Family Archives and the Rhetoric of Loss
In the last few years my subconscious has developed a penchant for letting me know I’m stressed through malfunctioning cameras. Like a washed-up Hollywood director, my dreaming mind repeats the same hackneyed plotline with varying characters. There I am in the midst of a major reunion with someone beloved I haven’t seen in years—my Aunt Yarima, a childhood friend, my first boyfriend—and I can’t quite focus on our conversation because I want to capture the moment through something more tangible than my mind. I want to do what I’ve done since I got my first camera as a teenager and snap a photo of this monumental moment. And yet, no matter how hard or how often I hit the button, it budges slightly yet not enough to activate the camera. The person begins to fidget, tiring of the ineffectual lens pointed at their face. I’ve lost the photo and I’ve also lost the moment. I’ve ruined the reunion by trying and failing to capture it.
Having spent most of my life living in the States while my family still lives in my native Venezuela, it is no surprise that my stress dreams should be crowded with failed attempts at photography. For over two decades I have populated my walls and shelves with the faces of those who are long dead or alive but divided from me by continents and oceans. Photos of us together, in particular, interest me because they’re proof of the fact that in spite of the distance, we do see each other from time to time. Or as my mother puts it to my young sons: “Grandmother sometimes jumps out of her Skype home and stays with us for a few weeks.” And when she’s here my cameras work overtime, sometimes to the chagrin of my mother, the introvert.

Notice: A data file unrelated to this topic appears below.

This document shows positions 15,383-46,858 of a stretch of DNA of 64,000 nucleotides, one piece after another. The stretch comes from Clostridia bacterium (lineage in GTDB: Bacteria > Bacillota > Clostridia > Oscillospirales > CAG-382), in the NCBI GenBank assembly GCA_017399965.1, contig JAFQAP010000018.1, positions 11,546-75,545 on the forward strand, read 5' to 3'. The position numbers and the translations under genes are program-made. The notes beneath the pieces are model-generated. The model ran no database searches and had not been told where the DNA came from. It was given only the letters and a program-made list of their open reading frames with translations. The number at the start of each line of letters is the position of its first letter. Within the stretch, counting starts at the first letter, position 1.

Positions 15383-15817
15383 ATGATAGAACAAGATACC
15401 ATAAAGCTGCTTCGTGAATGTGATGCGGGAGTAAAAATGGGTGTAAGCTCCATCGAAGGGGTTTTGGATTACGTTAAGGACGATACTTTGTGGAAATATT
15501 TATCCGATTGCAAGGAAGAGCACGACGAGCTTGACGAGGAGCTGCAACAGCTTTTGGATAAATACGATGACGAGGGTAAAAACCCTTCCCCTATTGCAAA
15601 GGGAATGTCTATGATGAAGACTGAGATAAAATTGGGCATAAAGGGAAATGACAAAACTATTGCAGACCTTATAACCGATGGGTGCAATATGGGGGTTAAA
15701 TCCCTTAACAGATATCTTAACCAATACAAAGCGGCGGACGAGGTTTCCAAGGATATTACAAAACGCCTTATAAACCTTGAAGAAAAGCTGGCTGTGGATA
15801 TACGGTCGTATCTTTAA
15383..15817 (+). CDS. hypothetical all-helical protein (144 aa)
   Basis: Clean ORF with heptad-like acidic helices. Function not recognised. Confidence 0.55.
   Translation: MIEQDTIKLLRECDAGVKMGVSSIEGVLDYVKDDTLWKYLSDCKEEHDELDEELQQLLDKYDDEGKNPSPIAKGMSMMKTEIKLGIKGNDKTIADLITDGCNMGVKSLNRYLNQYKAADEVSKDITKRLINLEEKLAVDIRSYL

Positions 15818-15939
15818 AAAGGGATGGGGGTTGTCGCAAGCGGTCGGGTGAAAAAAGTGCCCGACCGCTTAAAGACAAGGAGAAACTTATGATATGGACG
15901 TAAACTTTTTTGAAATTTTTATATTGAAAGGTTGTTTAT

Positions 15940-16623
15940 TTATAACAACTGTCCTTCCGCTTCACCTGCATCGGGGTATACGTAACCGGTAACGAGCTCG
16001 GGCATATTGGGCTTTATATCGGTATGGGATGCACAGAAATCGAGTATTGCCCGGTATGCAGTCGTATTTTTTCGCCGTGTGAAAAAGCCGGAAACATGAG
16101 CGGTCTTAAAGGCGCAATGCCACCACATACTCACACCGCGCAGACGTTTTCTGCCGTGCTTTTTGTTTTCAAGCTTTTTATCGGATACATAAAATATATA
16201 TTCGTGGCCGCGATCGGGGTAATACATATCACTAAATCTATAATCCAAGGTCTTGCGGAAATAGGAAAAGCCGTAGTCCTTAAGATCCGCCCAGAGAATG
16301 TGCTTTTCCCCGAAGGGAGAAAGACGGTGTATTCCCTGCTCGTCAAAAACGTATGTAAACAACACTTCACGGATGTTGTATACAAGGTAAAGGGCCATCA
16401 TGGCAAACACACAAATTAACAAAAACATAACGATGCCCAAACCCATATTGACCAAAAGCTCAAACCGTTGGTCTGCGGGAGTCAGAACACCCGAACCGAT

The photos we take and the ones we inherit or steal from family albums tell stories throughout our homes. How and where we choose to display them and the other photos and objects that accompany them are ways in which we weave our arguments about those we love (or don’t) and about our own place in a community of ancestors, relatives, friends, and at times even strangers. My guess is that as you’re reading these words, most of you are envisioning your own walls and shelves, beloved images flashing by as you try to decide if what I’m saying fits your own relationship with photos. That is one of the benefits of alphabetic writing scholarship. The words invite you to bring in your own visuals and sounds to what is written, to fill in the blanks with your own history.
As a discipline, Rhetoric and Composition has clung to alphabetic writing since its incipience over half a century ago. In spite of the fact that rhetoric’s first two millennia were primarily focused on oral communication, our collective iteration of rhetoric today is predominantly print-based. Even our digital journals, such as Kairos, Enculturation, and Present Tense (of which I’m a founding editor), publish work that relies primarily on the written word. In the not-isolated case of Present Tense, our dearth of born-digital scholarship is not a matter of the editorial board’s not valuing such work—we desperately would like to publish more of it—but due to a lack of digital media submissions. The reasons for our discipline’s lack of digital scholarship production are varied. Creating digital texts requires learning new technologies, sometimes expensive ones. Moreover, some departments don’t value digital work as highly as print, so it feels as if a digital project requires a lot of extra work for smaller rewards. And then, of course, there is the fact that we’re so used to expressing our ideas in alphabetic writing that it doesn’t even occur to us to think of a project as working better in other media. And yet some projects do work better in a medium like video.